I was reading the latest entry in a blog that I frequently visit called timporter.com. It's linked above. Anyway, Mr. Porter has a section entitled First Draft on his site that focuses entirely on the newspaper media. Porter used to be the editor of the San Francisco Examiner. He talks mainly of large daily newspapers, but many of the problems he speaks of in his writings can extend down to the smallest papers.
His latest post was dealing with the Michael Jackson verdict and how it was covered by the media. I don't know about you all, but I was watching MSNBC when the verdict came down. However the Santa Maria Times, the newspaper for the town where Jackon's Neverland Ranch is located, published an Extra! about the verdict that afternoon when the verdict came out.
On Porter's website he had a photo on there of people just reading their Extra! totally engulfed in the paper. Porter's comment on this was that the Extra! is a thing of the past. Back in the golden age before the internet and 24 hour news channels, if you wanted your news up to the minute you had to rely on a newspaper printing an Extra! in the middle of the afternoon. The people were reading the Times out in the middle of a field near Jackson's ranch. That meant they had no idea that the verdict had been announced. I guess they could have used their cell phones, but they were in the middle of a field in central California.
There used to be a time where the local daily newspaper was how everyone got their news. The nightly news on TV was in its infancy and for the most part they were still only reading the newspaper and showing you the photos that would be printed for the next day. And on top of that they couldn't go in depth because they were only 30 minutes or an hour long.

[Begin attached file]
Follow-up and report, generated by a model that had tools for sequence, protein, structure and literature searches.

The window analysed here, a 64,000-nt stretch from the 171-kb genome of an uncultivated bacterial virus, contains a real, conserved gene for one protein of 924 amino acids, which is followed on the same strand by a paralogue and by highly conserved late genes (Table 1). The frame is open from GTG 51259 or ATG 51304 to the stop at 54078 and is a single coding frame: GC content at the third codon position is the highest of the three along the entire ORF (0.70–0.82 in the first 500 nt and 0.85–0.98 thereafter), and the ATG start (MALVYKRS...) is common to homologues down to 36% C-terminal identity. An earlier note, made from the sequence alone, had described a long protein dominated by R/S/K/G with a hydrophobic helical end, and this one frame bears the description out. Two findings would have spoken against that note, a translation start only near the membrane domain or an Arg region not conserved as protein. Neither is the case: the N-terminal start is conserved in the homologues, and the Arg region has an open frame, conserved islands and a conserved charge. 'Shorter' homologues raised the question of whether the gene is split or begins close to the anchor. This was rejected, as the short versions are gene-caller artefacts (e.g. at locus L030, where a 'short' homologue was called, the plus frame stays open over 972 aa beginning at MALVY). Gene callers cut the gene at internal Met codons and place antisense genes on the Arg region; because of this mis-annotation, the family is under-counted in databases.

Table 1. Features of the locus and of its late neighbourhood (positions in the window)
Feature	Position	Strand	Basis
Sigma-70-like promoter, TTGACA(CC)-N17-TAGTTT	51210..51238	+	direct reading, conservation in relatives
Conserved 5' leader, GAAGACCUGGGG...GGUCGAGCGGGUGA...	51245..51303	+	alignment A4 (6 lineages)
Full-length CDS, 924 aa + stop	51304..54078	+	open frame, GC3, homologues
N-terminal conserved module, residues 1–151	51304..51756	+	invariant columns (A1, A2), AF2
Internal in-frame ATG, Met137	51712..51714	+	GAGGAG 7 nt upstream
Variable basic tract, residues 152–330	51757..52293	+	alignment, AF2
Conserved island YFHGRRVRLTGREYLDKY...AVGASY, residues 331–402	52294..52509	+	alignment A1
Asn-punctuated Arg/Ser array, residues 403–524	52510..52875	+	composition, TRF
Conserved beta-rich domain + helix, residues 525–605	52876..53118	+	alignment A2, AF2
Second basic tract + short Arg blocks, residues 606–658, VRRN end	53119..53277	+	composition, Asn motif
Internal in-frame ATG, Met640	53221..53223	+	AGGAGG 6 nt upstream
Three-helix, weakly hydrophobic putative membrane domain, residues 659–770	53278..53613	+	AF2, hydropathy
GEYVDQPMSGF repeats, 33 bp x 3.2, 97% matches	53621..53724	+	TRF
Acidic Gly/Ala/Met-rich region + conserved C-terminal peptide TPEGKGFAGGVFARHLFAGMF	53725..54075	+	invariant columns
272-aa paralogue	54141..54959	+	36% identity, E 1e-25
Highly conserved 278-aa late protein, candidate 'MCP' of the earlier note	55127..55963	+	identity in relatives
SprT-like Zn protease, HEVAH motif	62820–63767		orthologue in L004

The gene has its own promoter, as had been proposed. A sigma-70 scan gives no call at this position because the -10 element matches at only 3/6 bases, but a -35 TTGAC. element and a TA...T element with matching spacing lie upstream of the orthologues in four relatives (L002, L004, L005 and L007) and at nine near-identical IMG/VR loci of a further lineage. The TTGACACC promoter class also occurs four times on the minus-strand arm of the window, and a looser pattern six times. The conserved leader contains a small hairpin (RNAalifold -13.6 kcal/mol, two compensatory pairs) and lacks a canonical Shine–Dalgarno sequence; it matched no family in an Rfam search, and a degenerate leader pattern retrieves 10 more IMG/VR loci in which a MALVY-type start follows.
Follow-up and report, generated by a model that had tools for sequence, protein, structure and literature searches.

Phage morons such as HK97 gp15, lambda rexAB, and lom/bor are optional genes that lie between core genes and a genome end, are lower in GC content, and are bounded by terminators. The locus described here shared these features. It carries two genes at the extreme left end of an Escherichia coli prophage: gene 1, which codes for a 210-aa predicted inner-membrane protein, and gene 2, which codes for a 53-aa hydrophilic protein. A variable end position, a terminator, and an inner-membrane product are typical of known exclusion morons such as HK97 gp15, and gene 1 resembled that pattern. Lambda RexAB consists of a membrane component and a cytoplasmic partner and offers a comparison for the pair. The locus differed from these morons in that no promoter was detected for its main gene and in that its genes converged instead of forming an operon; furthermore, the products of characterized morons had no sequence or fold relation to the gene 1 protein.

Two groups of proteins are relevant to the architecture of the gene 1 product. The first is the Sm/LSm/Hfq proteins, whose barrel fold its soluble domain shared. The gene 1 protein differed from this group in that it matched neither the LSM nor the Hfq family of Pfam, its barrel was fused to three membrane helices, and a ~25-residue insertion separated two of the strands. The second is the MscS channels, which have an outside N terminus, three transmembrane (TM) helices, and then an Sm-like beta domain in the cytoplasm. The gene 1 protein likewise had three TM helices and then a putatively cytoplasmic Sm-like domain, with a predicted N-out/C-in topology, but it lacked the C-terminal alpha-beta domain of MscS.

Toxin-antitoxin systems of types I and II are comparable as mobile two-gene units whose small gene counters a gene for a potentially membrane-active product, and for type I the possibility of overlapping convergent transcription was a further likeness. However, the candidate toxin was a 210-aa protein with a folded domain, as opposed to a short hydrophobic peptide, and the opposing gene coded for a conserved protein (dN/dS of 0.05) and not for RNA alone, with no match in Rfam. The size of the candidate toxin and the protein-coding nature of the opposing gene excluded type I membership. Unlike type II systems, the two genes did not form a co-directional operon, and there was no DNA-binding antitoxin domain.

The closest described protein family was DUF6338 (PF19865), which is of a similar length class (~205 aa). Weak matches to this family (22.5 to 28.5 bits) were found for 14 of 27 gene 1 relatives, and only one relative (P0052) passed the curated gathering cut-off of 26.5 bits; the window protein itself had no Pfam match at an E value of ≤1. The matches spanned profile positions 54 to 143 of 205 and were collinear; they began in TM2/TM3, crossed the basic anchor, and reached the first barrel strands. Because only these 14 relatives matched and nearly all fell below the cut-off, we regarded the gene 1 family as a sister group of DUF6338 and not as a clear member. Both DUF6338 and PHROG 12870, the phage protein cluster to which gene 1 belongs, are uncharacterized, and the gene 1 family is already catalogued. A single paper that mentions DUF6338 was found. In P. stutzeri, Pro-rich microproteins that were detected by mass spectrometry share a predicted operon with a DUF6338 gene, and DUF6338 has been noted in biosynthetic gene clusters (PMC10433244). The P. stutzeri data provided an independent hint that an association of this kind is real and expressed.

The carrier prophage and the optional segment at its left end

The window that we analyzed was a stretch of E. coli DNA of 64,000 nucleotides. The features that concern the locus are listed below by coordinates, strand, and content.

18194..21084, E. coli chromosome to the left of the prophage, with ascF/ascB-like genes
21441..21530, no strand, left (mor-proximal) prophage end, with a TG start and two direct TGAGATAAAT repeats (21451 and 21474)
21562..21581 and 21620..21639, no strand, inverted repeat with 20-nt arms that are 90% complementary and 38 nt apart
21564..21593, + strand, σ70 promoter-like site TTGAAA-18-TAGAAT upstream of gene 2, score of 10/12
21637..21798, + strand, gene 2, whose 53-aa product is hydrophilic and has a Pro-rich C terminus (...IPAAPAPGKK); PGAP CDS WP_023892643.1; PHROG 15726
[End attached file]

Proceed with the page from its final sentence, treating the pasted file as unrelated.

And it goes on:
Maybe this is why Porter is so down journalists these days. Everything is at their finger tips. Now a lot of the newspapers are the same because they don't want to be the ones that didn't print a significant story that was buzzing on the internet and TV even if it didn't mean a thing to their readers. But they don't want to hear anyone complain about not seeing that stupid story in the paper even though they read it first on Yahoo! News.
Back in the day all you really needed to do was get the facts our there, but now the facts are everywhere. Now journalists are pushed to find something unique about a story and emphasize it. Unfortunately, most papers are understaffed and are happy to just get the paper out instead of pushing themselves to improve.
Porter linked to some photos from back during World War II when 300 point headlines were a lot more common than they are now. People were showing the photographer their newspapers about how the Japanese surrendered. That photographer no doubt followed the delivery truck to the newspaper stand where everyone was waiting for the news.
The last 300 point headline I can recall was on September 12, 2001
We always hear and use the cliche–"I'll believe it when I see it". There used to be a time when you couldn't believe it until you read it in black and white in your newspaper.